Bill wakes up from a coma in a hospital ward, raving about tissue regeneration experiments, final injections, organ transplants and having been cryogenically frozen. Battling flashbacks of ... See full summary »
The classic Shakespeare tragedy is revisioned in America at the turn of the 20th Century. Campbell Scott (Singles, The Spanish Prisoner) adapted, co-directed and stars in the title role ... See full summary »
Roscoe Lee Browne
A family descends into a vortex of denial and paranoia after the death of the oldest son. Though labeled a suicide, the bizarre circumstances lead the mother, Helen, to believe there are ... See full summary »
John Michael Elfers
Around 1940, New Yorker staff writer Joe Mitchell meets Joe Gould, a Greenwich Village character who cadges meals, drinks, and contributions to the Joe Gould Fund and who is writing a ... See full summary »
Bill wakes up from a coma in a hospital ward, raving about tissue regeneration experiments, final injections, organ transplants and having been cryogenically frozen. Battling flashbacks of his father's death and a car crash, occasional hallucinations and fits of rage he tries to piece together his own history with the help of Ann, a lonely medical psychologist sent in to evaluate whether he should be released. In their confrontational, sexually-charged sessions, Bill flip-flops between pitch-perfect self-diagnoses and his paranoid bio-tech fantasies, but slowly begins to heal. But things are not what they seem. Written by
The film was part of IFC's InDiGent project (Independent Digital Entertainment) which sponsored films budgeted under $150,000 with a 50% revenue share for cast and crew. Other films from the project include "Chelsea Walls", "Women in Film", "Tape" and "10 Tiny Love Stories". See more »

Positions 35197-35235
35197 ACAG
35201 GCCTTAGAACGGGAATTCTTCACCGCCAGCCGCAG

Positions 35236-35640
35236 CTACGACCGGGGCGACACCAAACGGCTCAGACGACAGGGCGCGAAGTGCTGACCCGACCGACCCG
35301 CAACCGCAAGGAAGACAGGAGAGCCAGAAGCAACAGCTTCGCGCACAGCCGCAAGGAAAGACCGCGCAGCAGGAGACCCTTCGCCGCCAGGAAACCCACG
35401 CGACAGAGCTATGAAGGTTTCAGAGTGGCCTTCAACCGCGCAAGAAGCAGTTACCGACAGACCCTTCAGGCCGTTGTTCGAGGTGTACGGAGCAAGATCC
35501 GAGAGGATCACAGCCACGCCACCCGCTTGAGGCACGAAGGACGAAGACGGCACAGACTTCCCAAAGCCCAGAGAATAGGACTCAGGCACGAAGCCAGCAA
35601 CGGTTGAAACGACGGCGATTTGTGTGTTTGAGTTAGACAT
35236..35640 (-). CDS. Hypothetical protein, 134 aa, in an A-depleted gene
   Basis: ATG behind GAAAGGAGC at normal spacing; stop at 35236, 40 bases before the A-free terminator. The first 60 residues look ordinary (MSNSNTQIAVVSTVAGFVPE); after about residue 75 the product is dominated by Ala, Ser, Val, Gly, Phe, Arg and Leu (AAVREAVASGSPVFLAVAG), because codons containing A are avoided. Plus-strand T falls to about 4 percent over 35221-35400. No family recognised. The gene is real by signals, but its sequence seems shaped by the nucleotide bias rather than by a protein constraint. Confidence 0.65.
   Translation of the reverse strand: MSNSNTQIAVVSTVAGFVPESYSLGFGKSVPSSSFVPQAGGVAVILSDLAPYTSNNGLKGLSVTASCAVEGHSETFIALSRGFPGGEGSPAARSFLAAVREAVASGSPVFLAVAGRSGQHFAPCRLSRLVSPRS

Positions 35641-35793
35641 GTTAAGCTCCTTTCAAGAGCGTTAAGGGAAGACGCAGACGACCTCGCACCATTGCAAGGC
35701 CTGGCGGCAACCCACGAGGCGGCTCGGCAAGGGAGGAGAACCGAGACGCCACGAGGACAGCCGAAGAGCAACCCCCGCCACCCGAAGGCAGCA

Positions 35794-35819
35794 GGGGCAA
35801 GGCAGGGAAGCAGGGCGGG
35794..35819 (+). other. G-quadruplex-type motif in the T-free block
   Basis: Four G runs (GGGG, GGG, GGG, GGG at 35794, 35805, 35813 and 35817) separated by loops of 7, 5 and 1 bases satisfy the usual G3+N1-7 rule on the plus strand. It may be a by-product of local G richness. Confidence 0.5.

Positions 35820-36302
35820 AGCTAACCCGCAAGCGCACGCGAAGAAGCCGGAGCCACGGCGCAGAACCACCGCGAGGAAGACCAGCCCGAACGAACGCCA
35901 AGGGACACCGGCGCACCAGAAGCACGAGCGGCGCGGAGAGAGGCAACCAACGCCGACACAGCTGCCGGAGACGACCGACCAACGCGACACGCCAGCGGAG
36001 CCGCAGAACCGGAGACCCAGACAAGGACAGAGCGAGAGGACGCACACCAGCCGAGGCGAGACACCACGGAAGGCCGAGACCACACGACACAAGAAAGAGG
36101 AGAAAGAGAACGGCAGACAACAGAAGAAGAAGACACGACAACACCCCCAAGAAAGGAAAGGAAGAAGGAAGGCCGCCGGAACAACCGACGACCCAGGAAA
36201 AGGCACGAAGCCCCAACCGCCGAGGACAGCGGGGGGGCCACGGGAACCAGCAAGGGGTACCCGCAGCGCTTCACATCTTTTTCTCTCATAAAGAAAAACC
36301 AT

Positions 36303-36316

There is a typo on the consent form: "physical harm" reads "physical farm". See more »
What year am I supposed to think it is? For my progress.
No, I mean, do you want to go on a date? Cause I know this darling place down by river...
See more »
... but better - thanks to great character acting from Davis and Leary. However, the movie is just too long for what it delivers: a 2 hour, 2 person talk-fest in which nothing really happens.
This story involves a man who wakes up in a psychiatric ward / hospital and thinks it's the future and that he's going to be given a (final) lethal injection. The entire movie is basically about his interaction with his doctor in the patient room and hospital yard.
The only saving grace of this movie is the strong acting performances by both Leary and Davis. Leary is very dynamic and energetic (it's actually very impressive) and Davis does outstanding counterplay as his restrained, even-toned psychiatrist.
This makes them interesting to watch - to listen to. The memory flashbacks also help break up the dialog.
However, almost NOTHING happens in this movie - it's huge talk-fest and the story could have been shrunk to 30 or 40 minutes max. If it weren't for the quality of acting (which induced me to think the movie may get better), I would have quit watching early on. In the final analysis, I also realized that I didn't even get anything out of the great performances beyond recognizing the skill of actors.
If you're a Denis Leary or Hope Davis fan, you'll probably enjoy watching them act. For the average movie-goer, see something else.
11 of 13 people found this review helpful.
Was this review helpful to you?